This is the first of a two-part blog post on key takeaways from Apple’s WWDC 2013. In the next part, we will discuss some more takeaways from the Apple’s annual developers conference.
Before we start this whole discussion on iOS 7 and the WWDC – let’s step back a little and have a look at the man who made news with this event.
Sir Jonathan Paul Ive.
Yes! You read that right. He’s knighted. He joined Apple as a consultant in Industrial Design in 1992 and hasn’t looked back since then. His first assignment was the iPac which paved the way for many other designs such as iPod and eventually iPhone and iPad. Since Job’s primary focus was design , Ive helped him establish the focus by designing awesome products. Most of Jony Ive’s work is influenced by Dieter Rams, a genius himself. And, as Steve Jobs would say it “If I have a spiritual partner at Apple, its Jony.”
Jony Ive’s philosophy as we see it has predominantly been utilitarian. As he said in a 2003 interview, “…it’s not an appearance game that we are playing.”
“Clean edges, flat surfaces will like replace the textures”
Ever since Steve Forstall was ousted and Jonathan Ive took control over the Engineering team the rumors started. Knowing Jonathan Ive’s distaste for skeumorphism, it was imminent that the next generation of iOS and OSX will have Jony’s industrial design influence all over them. With the advent of Flat design, one cannot expect skeumorphism to be completely eliminated from iOS but gradually edged out.
iOS-ification of the OSX.
There were rumors that the next move would be to integrate iOS and OSX. This was coming from the fact that there were already quite a few integration points between iOS and OSX (LaunchPad, iCloud) and the new iOS7 and OSX upgrades have only strengthened that belief. It is expected that the next logical move for Apple would be to allow (at least a few) iOS apps to run on OSX. And as we go about our lives eagerly waiting for the next WWDC, we strongly suspect that with Jony Ive at the helm, Apple might still be having something up its sleeves. Possibly a single unified operating system for both, the iDevices and the Macs before 2016!
Knowing Apple and its approach to focus-groups, user-study, user-experience, the Cupertino giant is trying to warm up its users to novel ideas. Imagine if you could take calls from your Mac without having to reach out for your phone. By plugging in the integration points Apple is merely performing field testing to see if users would be interested in iOS and OSX mashup.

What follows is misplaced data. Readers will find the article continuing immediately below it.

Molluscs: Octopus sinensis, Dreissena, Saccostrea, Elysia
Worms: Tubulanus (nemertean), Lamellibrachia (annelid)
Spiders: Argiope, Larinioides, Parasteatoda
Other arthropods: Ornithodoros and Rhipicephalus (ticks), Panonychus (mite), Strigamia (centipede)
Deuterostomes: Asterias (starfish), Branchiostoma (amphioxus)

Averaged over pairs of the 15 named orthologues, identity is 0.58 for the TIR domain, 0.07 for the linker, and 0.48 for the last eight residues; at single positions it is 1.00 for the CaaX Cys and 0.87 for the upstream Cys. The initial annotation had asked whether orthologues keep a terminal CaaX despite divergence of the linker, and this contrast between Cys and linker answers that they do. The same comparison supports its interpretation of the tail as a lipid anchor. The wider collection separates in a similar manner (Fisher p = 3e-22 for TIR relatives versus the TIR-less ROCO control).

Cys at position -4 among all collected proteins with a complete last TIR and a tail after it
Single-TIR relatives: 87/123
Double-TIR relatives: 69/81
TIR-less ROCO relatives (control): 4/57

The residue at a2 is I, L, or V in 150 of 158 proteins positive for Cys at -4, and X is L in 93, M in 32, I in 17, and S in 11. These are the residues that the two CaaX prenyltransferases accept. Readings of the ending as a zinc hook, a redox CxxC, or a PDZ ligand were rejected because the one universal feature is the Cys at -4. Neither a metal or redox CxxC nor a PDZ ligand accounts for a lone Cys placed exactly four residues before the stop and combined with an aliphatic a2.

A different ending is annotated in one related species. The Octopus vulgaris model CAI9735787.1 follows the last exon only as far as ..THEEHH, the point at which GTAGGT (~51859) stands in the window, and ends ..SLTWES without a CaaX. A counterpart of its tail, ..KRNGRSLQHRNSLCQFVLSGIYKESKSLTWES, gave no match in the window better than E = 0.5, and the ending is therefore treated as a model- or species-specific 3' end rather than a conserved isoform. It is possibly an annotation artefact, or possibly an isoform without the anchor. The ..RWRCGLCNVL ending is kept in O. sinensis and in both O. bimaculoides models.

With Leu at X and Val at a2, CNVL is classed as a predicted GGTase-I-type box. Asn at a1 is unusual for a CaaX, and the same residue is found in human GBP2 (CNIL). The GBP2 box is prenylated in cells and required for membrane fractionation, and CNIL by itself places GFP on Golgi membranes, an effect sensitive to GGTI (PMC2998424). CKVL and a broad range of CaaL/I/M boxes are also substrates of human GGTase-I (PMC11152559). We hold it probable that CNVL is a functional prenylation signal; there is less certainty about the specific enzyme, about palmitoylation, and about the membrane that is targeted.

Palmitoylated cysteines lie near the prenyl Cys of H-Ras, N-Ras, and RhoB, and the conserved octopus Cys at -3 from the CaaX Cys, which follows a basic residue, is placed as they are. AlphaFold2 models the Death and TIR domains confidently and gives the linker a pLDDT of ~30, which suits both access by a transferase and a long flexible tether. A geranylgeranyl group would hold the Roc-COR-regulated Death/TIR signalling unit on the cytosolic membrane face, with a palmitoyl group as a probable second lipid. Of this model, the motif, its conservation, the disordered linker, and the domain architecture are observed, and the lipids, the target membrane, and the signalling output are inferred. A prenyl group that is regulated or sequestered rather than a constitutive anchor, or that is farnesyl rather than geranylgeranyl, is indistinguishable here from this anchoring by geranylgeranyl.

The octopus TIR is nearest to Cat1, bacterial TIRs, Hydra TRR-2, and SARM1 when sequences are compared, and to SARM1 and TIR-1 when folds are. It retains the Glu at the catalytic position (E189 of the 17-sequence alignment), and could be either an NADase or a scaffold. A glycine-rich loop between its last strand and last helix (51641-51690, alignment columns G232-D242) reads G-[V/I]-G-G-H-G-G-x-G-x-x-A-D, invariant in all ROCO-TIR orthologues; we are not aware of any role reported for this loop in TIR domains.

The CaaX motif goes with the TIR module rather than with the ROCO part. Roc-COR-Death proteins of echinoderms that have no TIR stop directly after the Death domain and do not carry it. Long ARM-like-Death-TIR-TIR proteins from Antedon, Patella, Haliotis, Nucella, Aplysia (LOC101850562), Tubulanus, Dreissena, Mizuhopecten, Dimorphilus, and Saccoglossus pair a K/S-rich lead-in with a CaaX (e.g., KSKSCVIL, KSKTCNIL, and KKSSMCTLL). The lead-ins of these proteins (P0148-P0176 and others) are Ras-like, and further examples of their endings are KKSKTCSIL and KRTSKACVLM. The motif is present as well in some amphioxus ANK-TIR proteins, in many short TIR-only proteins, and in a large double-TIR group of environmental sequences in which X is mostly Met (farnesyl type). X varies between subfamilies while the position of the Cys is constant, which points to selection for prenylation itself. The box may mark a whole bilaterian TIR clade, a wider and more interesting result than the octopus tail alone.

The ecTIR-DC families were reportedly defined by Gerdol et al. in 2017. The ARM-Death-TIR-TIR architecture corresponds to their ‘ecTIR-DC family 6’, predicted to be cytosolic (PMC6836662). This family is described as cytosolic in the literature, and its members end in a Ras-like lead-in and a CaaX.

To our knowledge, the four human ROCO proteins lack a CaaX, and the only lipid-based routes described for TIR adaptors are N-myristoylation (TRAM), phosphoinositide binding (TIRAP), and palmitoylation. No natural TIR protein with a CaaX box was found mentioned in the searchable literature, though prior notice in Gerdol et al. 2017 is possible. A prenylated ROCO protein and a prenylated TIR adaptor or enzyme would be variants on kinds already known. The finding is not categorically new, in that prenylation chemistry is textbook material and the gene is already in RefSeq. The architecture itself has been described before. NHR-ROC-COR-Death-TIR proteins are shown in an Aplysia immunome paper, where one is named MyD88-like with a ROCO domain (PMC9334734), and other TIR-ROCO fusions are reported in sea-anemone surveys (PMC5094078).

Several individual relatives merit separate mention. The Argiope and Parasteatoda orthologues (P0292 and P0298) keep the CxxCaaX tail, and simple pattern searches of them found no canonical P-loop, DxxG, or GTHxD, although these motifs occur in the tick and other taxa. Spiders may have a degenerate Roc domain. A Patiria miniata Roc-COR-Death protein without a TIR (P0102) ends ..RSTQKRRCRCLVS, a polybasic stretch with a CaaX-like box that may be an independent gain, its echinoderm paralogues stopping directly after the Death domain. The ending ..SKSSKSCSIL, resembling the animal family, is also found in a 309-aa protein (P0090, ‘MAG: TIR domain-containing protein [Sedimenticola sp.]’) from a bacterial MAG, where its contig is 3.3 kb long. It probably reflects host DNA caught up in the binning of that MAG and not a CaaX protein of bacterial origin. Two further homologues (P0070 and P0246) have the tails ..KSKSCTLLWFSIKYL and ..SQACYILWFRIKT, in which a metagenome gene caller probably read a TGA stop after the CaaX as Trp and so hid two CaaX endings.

Move over Spotify, Daddy’s home !
While everybody is going gaga over iOS 7 and flat design – nobody seems to realize the impact that iTunes Radio is about to bring in.
Here are the facts –
– Standard streaming rate is approximately 13 cents per track played.
– One click purchasing is Apple’s forte. Apple, owing to its one-click purchase can keep its sales low and still breakeven – owing to the volume. Genius will keep discovering new songs for you and bam! The addiction continues.
– This is an amazing opportunity for folks to see how Apple has created its own “advertising” space. Is it time for iAds now? Spotify plays one 30 second ad every 20 minutes. All that remains to be seen is how many ads will Apple play?
– There are approximately 575 million iTunes accounts. Even if 25% of these users were to start using iTunes Radio – the market potential is staggering.
– Bonus – No competition from Google – at least on the free service end!
Edging Google Out
From the time Cook took over, there was clearly a lot of insecurity about Google’s influence on the iPhone. That was the reason for hurried introduction to Apple Maps. All the insults and annoyance that Apple Maps has caused its users, Apple is slowly coming to terms with it. There’s a Maps App for the Desktop that is bundled in Mavericks. Siri is coming to the Desktop. Apple is clearly intimidated by the advent of Google Now and is kicking Google out of its eco-system slowly but steadily.
(Sources- Guardian, Wired, Forbes, BGR & Wikipedia)
The next post will delve on Apple’s strategy for its other offerings like AirDrop, microlocation, the new Wi-Fi standards and its focus on China.